On this page you will find all of ACB’s publications. To the right are the search categories that will help you navigate around the ACB’s extensive work.
Farm input subsidy programs play a central role in financing and delivering Green Revolution technologies to small-scale farmers in Africa.These programs are rolled out in numerous African countries-from Ghana to Swaziland.
This paper reviews the farm input subsidy programmes (FISPs) within countries belonging to the Southern Africa Development Community (SADC), to ascertain whether input subsidies have benefited small-scale farmers, have increased food security at the household and national levels, and have improved the incomes of small-scale farmers.
Training Materials produced by the ACB for smallholder farmers in Africa in several languages on a range of topics dealing with seed and plant variety protection laws, including on: the value of farmer managed seed systems; UPOV 1991 and farmers’ rights; the Arusha PVP Protocol; women as custodians of seed, what is a seed law, harmonis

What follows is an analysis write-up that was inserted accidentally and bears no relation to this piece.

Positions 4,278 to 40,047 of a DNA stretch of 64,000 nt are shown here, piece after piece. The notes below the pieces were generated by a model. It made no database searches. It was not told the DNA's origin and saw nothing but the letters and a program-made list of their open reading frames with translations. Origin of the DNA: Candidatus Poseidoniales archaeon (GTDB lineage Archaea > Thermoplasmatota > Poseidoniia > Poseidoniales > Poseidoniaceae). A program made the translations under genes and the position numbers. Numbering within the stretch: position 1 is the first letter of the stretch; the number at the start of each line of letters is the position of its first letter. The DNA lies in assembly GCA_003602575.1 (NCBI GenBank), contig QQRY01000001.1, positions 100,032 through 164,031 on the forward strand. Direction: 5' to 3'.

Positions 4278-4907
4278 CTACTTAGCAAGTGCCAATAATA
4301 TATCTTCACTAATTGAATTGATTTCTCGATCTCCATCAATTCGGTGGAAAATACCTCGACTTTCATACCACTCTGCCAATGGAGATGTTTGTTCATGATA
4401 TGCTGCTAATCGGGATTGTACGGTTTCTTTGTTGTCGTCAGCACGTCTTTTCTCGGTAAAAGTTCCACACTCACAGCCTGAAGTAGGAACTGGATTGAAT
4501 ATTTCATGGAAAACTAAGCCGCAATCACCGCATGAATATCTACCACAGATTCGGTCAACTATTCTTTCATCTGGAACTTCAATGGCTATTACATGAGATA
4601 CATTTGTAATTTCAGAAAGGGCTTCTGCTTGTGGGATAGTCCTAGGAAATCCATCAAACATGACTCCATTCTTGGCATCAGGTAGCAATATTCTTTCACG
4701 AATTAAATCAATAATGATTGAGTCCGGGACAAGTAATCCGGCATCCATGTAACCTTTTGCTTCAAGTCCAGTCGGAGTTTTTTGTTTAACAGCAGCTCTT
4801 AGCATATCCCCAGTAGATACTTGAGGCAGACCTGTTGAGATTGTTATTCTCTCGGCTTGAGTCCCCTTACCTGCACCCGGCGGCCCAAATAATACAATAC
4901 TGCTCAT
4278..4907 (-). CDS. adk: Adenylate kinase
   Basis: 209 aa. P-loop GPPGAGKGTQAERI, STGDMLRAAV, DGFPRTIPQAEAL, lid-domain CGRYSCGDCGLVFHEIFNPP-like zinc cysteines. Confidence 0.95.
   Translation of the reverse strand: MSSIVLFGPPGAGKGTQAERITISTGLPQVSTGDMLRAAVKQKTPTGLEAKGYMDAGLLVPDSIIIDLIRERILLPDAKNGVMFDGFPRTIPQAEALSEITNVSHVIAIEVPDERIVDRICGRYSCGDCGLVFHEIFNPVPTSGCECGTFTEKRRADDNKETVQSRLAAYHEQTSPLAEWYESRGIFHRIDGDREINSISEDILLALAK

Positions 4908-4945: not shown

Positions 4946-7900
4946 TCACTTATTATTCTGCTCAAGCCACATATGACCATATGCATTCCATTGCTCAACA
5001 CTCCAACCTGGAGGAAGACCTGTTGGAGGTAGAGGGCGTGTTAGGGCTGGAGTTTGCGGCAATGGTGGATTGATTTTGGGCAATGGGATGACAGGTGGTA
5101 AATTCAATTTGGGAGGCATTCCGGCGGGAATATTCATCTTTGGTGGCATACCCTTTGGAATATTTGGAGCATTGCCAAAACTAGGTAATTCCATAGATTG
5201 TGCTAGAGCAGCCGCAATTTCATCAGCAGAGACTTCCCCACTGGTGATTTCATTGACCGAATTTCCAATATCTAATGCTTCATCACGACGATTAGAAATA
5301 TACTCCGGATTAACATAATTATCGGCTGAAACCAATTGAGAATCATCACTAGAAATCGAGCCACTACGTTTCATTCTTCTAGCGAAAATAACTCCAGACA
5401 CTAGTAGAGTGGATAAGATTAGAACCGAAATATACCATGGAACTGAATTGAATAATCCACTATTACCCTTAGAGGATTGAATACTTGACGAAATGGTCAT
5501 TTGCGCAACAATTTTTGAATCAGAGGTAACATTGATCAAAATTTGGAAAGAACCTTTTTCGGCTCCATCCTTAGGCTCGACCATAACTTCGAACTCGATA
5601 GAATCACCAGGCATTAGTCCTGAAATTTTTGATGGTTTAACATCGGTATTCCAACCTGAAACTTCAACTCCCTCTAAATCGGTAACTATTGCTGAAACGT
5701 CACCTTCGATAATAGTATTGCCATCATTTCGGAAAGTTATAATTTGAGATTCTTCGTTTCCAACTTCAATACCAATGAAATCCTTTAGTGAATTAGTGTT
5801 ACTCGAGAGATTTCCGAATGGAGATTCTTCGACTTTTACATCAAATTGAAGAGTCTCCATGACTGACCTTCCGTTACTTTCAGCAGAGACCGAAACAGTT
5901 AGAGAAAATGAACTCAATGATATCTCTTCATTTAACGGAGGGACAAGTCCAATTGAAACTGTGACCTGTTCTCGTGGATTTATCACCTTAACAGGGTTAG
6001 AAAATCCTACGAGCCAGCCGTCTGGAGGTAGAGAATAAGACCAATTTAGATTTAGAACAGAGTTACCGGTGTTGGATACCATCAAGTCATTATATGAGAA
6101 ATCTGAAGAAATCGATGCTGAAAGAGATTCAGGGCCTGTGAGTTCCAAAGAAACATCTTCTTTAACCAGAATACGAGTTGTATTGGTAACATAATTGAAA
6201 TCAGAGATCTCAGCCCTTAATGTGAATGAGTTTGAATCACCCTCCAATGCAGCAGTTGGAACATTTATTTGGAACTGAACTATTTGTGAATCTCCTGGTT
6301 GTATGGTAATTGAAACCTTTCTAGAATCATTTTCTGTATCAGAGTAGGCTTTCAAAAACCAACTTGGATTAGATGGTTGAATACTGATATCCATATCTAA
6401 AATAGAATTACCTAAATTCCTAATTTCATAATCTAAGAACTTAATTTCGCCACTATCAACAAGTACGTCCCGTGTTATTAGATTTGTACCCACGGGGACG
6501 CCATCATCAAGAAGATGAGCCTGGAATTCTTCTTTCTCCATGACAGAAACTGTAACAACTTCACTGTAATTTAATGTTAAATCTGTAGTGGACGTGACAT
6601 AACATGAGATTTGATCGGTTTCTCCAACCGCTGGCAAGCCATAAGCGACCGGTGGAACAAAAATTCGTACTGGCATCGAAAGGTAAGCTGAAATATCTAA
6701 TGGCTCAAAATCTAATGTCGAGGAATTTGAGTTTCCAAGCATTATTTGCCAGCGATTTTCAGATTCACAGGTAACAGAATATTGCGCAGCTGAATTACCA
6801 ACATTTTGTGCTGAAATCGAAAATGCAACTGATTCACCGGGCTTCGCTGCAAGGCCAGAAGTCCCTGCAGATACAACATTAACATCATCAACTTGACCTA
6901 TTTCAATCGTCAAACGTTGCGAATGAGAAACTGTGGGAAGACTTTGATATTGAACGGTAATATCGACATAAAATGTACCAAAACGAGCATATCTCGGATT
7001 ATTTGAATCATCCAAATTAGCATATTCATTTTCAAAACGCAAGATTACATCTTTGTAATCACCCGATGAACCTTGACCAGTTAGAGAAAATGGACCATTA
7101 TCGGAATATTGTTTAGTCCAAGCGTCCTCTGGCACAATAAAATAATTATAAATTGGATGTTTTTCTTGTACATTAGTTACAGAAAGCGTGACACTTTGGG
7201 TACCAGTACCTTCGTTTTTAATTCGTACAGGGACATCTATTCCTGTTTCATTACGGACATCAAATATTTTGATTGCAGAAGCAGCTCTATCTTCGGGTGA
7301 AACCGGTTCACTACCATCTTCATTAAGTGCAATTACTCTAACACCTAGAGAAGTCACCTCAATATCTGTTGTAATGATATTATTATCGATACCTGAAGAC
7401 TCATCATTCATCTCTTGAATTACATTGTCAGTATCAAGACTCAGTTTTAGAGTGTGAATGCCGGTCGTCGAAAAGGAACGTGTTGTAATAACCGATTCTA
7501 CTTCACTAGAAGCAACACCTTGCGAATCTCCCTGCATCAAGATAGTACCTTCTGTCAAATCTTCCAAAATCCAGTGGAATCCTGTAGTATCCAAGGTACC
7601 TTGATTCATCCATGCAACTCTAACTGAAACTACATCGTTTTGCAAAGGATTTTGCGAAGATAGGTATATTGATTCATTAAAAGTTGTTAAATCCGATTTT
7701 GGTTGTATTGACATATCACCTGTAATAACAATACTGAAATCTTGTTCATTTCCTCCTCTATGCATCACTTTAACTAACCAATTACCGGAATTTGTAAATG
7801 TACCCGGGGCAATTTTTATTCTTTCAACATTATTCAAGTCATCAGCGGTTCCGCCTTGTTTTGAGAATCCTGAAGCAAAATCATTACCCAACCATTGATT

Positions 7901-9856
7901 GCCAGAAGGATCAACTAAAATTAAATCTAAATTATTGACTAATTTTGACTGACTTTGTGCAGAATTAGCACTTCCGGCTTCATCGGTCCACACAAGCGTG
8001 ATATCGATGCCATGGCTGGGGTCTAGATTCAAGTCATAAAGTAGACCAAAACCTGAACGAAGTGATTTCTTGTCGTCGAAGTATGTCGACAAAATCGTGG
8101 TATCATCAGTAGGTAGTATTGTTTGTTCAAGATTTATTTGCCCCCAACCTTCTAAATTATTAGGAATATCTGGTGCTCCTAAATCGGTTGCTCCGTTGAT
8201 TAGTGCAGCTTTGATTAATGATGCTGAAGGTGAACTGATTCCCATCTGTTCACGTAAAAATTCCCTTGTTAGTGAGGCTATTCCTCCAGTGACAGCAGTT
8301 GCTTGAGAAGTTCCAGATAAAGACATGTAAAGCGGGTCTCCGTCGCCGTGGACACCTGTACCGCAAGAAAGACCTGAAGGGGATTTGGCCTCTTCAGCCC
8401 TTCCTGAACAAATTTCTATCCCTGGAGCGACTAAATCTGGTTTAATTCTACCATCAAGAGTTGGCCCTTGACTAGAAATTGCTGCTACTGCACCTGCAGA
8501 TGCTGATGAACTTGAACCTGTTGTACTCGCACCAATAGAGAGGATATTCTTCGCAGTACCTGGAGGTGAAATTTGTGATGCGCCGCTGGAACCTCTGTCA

The chemical fertiliser push in Africa and its implications for smallholder farmers is not receiving enough attention in current discourses concerning Green Revolution policies and practises in Africa.
In a scandalous move of skulduggery, the African Fertiliser and Agribusiness Partnership (AFAP), under the guise of empowering smallholder farmers in Africa, is subsidising multinational fertiliser and financial corporations on African soil. Other beneficiaries of this scheme are the global grain trading and food processing giants.
The African Centre for Biosafety has today released an in-depth report, The Political Economy of Africa's burgeoning chemical fertiliser rush, which looks at the role of fertiliser in the Green Revolution push in Africa, some of the key present and future fertiliser trends on the continent and the major players involved in this.